The first comparison of the HST/STIS and X-shooter spectra on a limited number of targets suggests that the slab models used to fit the X-shooter spectra underestimate the UV emission seen in the HST spectra by ∼10%, and usually less than ∼20%, in the targets observed here. Several causes can be ascribed for this discrepancy, such as an inappropriate extinction curve in the UV part of the spectrum, or a real shortcoming of a single temperature model to reproduce the excess emission in the UV. These hypotheses will be investigated in future works with a larger sample of contemporaneous HST/STIS and X-shooter spectra. Nevertheless, these findings demonstrate the general validity of the accretion rates measured with X-shooter on these spectra, and that the reported uncertainties of ∼0.2 dex on Lacc and ∼0.4 dex on acc are reasonable. Finally, we compared the relation between the accretion rate and stellar mass, showing similar values of acc and similar spread of values at any M as in previous surveys.

The VLT/PENELLOPE program will continue to obtain data alongside the HST/ULLYSES program for the next ≲2 years, providing a public dataset that will be key to creating a coherent and comprehensive view of the accretion process and its impact on the evolution of disks in nearby star-forming regions. This dataset will also be key to constraining other processes not showcased in this work, such as the ejection of matter in young stellar objects, probed by the high-resolution multi-epoch spectra available from this program. We invite the community to make use of these public datasets, acknowledging the effort of the group of people who initiated this effort, and with an open desire to enhance our knowledge.


5

IRAF is distributed by the National Optical Astronomy Observatories, which are operated by the Association of Universities for Research in Astronomy, Inc., under the cooperative agreement with the National Science Foundation. NOAO stopped supporting IRAF, see https://iraf-community.github.io/

6

IDL (Interactive Data Language) is a registered trademark of Harris Corporation.

Acknowledgments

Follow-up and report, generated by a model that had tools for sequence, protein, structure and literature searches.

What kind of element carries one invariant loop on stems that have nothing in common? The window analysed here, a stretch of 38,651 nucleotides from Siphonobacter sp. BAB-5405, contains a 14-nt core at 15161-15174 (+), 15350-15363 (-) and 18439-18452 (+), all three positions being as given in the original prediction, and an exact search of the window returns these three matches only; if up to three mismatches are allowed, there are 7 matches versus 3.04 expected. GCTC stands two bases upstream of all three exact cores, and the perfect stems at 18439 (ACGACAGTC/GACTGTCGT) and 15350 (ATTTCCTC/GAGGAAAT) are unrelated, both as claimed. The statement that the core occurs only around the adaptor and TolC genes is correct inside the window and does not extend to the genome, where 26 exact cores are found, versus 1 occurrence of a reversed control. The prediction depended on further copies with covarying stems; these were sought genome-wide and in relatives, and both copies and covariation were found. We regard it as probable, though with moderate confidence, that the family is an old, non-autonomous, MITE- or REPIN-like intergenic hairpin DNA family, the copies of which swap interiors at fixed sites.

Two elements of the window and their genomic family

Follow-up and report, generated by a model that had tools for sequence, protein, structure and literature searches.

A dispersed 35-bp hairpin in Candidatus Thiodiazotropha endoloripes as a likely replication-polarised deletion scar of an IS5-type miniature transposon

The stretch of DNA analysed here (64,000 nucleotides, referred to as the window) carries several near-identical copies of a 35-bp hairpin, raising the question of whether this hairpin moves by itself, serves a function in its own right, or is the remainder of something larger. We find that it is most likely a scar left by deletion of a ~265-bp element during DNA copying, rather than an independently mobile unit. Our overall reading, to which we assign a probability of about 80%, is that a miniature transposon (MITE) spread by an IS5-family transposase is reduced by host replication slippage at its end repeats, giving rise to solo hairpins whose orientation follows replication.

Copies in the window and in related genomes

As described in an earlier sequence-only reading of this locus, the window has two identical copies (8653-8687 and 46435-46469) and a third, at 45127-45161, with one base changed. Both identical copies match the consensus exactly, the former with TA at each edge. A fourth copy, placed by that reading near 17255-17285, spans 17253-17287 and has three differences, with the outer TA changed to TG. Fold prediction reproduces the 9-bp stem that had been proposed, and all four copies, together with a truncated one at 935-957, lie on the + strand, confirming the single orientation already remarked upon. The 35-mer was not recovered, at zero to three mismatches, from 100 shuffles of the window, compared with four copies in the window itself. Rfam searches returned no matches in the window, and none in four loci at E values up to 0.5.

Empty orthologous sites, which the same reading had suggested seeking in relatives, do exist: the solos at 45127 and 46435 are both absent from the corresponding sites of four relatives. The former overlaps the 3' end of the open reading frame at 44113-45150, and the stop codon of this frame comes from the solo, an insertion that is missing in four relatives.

We thank the referee for the constructive report. We thank the ESO support staff for the help in the preparation of the observations, in the scheduling, and for carrying out the observations at Paranal. We also thank the ESO staff, in particular John Pritchard and Lodovico Coccato, for implementing the Molecfit workflow for ESPRESSO and making it available to us. We thank Antonella Natta for insightful discussions. Based on observations obtained with the NASA/ESA Hubble Space Telescope, retrieved from the Mikulski Archive for Space Telescopes (MAST) at the Space Telescope Science Institute (STScI). STScI is operated by the Association of Universities for Research in Astronomy, Inc. under NASA contract NAS 5-26555. This work is supported in part by the ODYSSEUS team (HST AR-16129), https://sites.bu.edu/odysseus/. This project has received funding from the European Union’s Horizon 2020 research and innovation programme under the Marie Sklodowska-Curie grant agreement No. 823823 (DUSTBUSTERS). This research received financial support from the project PRIN-INAF-MAINSTREAM “Protoplanetary disks seen through the eyes of new-generation instruments” (CUPC54I19000600005) and PRIN-INAF 2019 “Spectroscopically Tracing the Disk Dispersal Evolution”. This work was partly supported by the Deutsche Forschungs-Gemeinschaft (DFG, German Research Foundation) – Ref no. FOR 2634/1 TE 1024/1-1. This work has made use of data from the European Space Agency (ESA) mission Gaia (https://www.cosmos.esa.int/gaia), processed by the Gaia Data Processing and Analysis Consortium (DPAC, https://www.cosmos.esa.int/web/gaia/dpac/consortium). Funding for the DPAC has been provided by national institutions, in particular the institutions participating in the Gaia Multilateral Agreement. JCW and ASA are supported by the STFC grant number ST/S000399/1 (“The Planet-Disk Connection: Accretion, Disk Structure, and Planet Formation”). ACG and PMG acknowledge funding from the European Research Council under Advanced Grant No. 743029, Ejection, Accretion Structures in YSOs (EASY). BE acknowledges support from the DFG Research Unit “Transition Disks” (FOR 2634/1, ER 685/8-1) and from the DFG cluster of excellence Origin and Structure of the Universe (http://www.universe-cluster.de/). R.G.L. acknowledges support by Science Foundation Ireland under Grant No. 18/SIRG/5597. This project has received funding from the European Research Council (ERC) under the European Union’s Horizon 2020 research and innovation programme under grant agreement No. 716155 (SACCRED). L.V. acknowledges support by an appointment to the NASA Postdoctoral Program at the NASA Ames Research Center, administered by Universities Space Research Association under contract with NASA. G.R. acknowledges support from the Netherlands Organisation for Scientific Research (NWO, program number 016.Veni.192.233) and from an STFC Ernest Rutherford Fellowship (grant number ST/T003855/1). J.H. acknowledges support from the National Research Council of México (CONACyT) project No. 86372 and the PAPIIT UNAM project IA102921.